The fear of failure is real. As humans, we fear failure from an early age and in many settings, be it on the ball field or at the workplace. Failure stings and often elicits feelings of humiliation and shame. But what if we told you failure is in fact a good thing? Or that it’s one of the only things that can encourage true growth? Yes, we’ve all heard of the trendy new term “growth mindset” which infers that without failure, we have no growth. Yet, while your HR department and leadership team might say it in company meetings, we must actually believe it, because while “success may increase confidence, [it] rarely, if ever, builds wisdom. Only failure can do that, and only if we let it” (Forbes).
Turn Failure into Wisdom
Allowing failure to build wisdom is the trick. Too often, because of either pride or embarrassment, we humans want to gloss over failures as quickly as possible. Sometimes, we look for opportunities to place blame on something – or worse – on someone. As shared by Amy Edmondson for HBR, “Failure and fault are virtually inseparable in most households, organizations, and cultures. Every child learns at some point that admitting failure means taking the blame. That is why so few organizations have shifted to a culture of psychological safety in which the rewards of learning from failure can be fully realized.” The “blame game” is a toxic trait of employees and managers alike, and organizations who do not embrace failure will experience the negative effects of this toxicity.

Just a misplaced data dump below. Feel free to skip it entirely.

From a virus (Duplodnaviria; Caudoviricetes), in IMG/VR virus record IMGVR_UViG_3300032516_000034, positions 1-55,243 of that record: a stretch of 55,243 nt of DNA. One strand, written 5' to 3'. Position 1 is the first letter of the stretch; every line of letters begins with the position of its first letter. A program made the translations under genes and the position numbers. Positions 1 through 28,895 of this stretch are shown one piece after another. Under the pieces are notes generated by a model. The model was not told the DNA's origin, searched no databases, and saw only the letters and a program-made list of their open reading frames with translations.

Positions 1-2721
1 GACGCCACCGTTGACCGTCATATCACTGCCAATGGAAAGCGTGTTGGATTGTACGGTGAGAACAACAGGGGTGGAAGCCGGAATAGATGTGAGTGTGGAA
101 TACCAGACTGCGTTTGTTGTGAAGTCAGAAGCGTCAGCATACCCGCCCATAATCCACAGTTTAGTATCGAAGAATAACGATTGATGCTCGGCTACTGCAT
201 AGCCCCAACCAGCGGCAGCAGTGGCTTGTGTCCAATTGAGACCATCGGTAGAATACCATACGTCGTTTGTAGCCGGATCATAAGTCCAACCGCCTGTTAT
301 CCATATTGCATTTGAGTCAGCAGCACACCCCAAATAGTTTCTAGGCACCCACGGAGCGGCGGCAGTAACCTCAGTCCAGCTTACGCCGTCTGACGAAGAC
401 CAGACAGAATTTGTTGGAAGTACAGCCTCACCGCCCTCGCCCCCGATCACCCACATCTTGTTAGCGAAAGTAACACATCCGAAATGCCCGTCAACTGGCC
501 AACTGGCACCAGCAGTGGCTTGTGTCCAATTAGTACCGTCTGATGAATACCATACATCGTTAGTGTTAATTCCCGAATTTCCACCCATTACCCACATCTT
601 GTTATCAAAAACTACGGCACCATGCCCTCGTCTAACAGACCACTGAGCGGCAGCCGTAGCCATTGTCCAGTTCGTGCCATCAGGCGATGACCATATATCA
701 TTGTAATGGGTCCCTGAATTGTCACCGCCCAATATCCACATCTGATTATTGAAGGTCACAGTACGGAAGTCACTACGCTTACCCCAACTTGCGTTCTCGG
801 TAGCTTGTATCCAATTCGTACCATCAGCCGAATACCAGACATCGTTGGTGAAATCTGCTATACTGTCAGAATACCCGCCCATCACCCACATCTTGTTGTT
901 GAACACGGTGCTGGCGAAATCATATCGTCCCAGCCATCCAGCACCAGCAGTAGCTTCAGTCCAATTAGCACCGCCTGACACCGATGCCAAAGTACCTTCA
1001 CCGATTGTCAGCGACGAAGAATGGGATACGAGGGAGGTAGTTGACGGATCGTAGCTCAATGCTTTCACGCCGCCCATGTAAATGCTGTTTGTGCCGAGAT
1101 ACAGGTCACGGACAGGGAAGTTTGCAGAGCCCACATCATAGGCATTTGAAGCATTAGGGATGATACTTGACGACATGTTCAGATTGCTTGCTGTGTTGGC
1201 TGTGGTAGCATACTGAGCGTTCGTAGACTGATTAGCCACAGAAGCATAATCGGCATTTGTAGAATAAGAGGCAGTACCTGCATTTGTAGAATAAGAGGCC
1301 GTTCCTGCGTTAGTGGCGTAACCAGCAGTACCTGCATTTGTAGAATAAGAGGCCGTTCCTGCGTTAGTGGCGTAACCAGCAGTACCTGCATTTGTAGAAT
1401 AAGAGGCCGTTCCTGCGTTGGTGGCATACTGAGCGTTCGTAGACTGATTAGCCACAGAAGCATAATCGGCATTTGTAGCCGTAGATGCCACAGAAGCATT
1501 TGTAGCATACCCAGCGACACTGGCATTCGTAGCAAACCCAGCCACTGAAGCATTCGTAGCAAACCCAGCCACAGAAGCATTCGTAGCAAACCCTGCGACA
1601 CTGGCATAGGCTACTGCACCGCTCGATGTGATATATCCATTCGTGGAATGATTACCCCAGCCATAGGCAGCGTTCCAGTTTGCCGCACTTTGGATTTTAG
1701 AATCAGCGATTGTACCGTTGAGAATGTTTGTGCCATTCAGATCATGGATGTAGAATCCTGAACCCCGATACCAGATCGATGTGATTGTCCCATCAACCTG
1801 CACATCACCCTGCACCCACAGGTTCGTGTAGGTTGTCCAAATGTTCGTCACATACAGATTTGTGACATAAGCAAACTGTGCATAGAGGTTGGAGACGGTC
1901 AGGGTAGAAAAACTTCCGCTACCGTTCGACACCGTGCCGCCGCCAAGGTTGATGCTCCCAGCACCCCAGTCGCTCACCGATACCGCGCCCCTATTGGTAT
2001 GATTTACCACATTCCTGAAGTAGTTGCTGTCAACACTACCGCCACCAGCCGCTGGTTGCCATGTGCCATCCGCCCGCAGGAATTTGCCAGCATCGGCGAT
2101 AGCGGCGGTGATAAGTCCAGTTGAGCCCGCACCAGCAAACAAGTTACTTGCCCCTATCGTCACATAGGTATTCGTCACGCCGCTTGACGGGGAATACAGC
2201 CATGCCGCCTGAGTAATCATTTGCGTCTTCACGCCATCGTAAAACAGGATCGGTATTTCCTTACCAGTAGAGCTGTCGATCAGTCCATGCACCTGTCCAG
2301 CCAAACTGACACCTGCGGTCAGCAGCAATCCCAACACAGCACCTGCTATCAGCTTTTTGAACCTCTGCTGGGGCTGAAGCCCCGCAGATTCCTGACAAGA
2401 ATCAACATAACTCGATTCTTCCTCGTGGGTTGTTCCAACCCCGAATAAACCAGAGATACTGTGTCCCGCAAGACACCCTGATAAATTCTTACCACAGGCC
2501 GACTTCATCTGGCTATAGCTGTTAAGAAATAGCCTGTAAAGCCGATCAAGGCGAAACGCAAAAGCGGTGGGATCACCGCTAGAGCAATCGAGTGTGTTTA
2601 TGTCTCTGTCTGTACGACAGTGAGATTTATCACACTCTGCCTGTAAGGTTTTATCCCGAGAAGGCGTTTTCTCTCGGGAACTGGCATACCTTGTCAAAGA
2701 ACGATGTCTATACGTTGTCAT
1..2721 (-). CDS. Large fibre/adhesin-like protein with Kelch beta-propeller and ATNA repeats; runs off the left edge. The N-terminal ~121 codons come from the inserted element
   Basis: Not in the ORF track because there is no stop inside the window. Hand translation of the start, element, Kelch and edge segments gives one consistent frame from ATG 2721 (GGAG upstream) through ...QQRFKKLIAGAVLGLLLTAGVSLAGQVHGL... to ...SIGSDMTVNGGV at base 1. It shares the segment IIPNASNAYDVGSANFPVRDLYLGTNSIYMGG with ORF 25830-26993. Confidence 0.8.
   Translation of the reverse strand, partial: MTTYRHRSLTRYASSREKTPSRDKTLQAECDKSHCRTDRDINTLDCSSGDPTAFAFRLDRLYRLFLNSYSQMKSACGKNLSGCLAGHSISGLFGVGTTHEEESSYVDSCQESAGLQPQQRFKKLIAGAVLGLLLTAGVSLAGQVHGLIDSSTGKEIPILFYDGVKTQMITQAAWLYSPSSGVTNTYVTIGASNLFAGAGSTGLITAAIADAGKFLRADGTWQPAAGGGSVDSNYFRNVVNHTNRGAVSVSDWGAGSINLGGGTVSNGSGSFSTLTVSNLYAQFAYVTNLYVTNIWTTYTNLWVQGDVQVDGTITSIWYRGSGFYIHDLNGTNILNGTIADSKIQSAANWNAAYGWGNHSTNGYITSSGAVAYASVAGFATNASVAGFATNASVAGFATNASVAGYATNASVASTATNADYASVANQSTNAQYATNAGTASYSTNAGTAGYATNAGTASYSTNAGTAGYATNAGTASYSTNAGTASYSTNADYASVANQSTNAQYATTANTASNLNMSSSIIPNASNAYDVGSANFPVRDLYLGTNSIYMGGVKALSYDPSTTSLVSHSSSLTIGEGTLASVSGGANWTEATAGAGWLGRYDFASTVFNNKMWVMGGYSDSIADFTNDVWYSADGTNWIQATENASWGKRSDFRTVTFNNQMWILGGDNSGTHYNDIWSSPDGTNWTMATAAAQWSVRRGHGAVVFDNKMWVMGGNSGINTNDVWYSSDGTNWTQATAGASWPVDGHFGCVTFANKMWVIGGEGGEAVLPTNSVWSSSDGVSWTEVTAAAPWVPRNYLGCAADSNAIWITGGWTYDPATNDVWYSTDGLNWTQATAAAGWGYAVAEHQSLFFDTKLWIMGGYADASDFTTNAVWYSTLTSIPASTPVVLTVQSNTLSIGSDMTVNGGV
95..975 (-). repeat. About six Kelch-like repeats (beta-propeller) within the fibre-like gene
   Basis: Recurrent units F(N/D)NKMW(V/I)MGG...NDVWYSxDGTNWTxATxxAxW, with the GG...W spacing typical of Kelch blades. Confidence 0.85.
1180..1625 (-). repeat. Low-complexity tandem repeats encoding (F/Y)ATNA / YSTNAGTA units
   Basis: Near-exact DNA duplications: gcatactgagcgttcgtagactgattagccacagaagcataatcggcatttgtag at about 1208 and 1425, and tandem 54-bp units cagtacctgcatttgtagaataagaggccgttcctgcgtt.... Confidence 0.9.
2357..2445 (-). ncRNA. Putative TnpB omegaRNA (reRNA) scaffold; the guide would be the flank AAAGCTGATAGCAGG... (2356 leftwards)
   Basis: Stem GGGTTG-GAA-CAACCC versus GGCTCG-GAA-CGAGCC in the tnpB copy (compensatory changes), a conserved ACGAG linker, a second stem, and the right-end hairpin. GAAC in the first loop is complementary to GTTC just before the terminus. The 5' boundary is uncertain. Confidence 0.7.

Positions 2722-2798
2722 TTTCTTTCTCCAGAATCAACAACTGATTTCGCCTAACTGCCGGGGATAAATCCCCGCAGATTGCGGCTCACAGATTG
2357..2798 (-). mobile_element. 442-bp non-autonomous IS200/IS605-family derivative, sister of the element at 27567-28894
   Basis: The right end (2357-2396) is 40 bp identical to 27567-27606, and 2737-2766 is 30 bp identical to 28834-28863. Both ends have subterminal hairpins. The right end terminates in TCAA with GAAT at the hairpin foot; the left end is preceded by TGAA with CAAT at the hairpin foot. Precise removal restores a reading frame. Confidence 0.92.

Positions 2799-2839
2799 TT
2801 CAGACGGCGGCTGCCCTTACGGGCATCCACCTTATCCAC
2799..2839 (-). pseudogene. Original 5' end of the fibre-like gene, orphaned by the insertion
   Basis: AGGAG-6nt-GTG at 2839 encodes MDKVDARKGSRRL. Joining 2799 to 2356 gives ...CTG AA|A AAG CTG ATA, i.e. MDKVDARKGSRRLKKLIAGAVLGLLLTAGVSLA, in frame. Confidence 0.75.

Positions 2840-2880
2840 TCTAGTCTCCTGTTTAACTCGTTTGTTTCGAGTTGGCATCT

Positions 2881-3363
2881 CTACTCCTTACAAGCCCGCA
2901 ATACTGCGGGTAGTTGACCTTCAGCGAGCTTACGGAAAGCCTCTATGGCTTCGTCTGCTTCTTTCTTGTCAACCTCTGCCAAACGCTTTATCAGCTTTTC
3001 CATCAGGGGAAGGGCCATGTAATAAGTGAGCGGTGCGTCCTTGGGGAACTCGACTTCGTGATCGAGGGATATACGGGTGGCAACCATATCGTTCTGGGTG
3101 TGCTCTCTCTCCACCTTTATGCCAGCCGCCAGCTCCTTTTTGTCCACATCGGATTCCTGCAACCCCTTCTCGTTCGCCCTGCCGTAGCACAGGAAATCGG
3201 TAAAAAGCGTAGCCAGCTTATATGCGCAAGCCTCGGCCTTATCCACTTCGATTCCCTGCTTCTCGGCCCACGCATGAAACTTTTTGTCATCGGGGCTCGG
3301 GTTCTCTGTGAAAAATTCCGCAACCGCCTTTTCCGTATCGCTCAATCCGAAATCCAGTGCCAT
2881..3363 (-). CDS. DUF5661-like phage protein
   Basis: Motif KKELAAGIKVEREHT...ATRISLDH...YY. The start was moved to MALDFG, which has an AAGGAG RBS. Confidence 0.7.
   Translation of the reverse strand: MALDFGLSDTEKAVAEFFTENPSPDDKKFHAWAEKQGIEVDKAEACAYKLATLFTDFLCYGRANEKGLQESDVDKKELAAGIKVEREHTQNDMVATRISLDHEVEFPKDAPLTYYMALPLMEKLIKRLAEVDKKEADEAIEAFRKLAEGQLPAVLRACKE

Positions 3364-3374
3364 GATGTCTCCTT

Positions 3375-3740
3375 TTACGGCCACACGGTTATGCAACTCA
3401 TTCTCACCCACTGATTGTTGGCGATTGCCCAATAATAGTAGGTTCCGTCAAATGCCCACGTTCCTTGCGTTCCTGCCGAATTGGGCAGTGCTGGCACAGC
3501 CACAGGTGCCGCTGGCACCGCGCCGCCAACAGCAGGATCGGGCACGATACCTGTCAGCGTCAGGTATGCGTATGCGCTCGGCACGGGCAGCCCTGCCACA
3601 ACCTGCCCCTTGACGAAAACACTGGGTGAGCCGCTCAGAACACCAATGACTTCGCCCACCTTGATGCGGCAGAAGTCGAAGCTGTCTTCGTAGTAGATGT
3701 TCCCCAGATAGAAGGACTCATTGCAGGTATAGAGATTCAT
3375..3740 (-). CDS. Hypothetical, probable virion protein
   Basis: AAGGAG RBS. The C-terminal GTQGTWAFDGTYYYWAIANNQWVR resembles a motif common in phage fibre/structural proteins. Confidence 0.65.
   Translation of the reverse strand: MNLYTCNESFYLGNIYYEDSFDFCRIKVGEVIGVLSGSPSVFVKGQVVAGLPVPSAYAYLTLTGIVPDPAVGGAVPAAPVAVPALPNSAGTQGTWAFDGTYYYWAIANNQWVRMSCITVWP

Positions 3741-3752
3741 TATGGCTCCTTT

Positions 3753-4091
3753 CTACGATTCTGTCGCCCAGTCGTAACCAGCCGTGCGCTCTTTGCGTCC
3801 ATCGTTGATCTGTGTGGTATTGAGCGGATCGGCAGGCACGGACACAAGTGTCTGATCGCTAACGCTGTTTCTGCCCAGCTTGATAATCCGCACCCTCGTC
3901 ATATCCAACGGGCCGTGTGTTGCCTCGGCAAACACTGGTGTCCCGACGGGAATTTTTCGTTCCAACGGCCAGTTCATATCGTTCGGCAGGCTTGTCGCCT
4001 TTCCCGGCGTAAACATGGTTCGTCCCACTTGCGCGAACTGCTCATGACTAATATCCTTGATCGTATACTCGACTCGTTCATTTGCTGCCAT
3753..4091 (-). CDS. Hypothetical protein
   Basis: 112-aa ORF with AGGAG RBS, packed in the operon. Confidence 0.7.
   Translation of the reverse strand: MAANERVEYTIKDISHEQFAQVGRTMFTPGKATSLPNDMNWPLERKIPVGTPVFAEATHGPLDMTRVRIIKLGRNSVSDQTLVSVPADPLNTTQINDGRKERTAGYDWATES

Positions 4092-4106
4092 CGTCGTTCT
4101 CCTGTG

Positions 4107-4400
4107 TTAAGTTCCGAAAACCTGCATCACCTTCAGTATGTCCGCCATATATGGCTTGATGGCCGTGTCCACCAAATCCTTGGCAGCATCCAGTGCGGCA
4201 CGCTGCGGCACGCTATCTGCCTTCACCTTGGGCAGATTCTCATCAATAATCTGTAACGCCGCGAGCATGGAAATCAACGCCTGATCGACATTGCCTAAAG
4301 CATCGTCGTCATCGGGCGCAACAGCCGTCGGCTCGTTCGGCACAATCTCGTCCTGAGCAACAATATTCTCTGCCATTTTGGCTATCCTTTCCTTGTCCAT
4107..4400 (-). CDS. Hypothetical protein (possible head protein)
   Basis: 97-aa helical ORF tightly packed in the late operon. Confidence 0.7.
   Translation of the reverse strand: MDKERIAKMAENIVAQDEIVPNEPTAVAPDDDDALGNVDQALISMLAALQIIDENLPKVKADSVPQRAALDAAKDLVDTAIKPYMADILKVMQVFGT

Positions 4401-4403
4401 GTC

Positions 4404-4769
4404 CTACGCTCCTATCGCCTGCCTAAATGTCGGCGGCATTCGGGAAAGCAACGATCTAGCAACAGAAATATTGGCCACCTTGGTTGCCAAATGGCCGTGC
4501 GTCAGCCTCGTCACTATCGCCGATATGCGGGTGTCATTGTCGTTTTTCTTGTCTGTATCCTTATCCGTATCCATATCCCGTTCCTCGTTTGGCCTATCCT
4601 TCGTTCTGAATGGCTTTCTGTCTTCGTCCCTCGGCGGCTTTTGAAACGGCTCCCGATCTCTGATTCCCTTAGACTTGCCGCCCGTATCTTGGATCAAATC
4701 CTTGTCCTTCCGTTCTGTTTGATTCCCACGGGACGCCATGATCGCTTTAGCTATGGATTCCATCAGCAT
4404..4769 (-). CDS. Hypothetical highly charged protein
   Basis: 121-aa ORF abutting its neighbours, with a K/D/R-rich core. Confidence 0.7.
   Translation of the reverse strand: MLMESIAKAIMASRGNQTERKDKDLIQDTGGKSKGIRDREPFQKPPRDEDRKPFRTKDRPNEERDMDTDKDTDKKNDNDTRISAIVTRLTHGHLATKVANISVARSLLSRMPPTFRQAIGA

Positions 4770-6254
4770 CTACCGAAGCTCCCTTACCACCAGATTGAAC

In the workplace, it’s critical to accept failure as a possibility, as well as to do the work to learn from that failure truly. This will not only encourage innovation, but it will reduce the fear of “owning up” to a failure or mistake. Organizations must encourage the pursuit of accountability, and in doing so, celebrate those who accept accountability and truly learn from their mistakes. Edmonson writes that leaders “should insist that their organizations develop a clear understanding of what happened—not of “who did it”—when things go wrong.”
A failure is an important learning opportunity for organizations, and without ownership of a failure, those benefits will rarely be reaped. Accept failure as a fact of doing important work, and then develop processes for collaboratively learning from those failures. When employees realize that failure is simply part of the work, they will feel safer taking more calculated risks that may benefit the organization and willingly accepting responsibility when things don’t go as planned.
Now, that’s not to say organizations should encourage reckless behavior. Let’s be honest: organizations want success more than they want failure. However, more often than not, success only comes after failure (and sometimes a lot of it! It’s said to have taken Thomas Edison 10,000 attempts to master the invention of the lightbulb). So, find opportunities to collaborate on new and exciting work. Build a culture of awareness – one that encourages thoughtful, cooperative, and calculated risks infused with empathy, accountability, and ownership. Own the failures as you would own the wins: when you fail together, you win together.
Learning to accept and embrace failure is the start of a psychological safety journey for organizations. This is arguably one of the most critical journeys on which an organization can embark. It is the foundation of creating an innovative, communicative, and accountable work environment where toxicity is not tolerated and teamwork is prioritized.
Is your organization ready to think big, fail gracefully, and innovate fearlessly? Bring your team on a psychological safety journey co-created with Amy Edmondson today!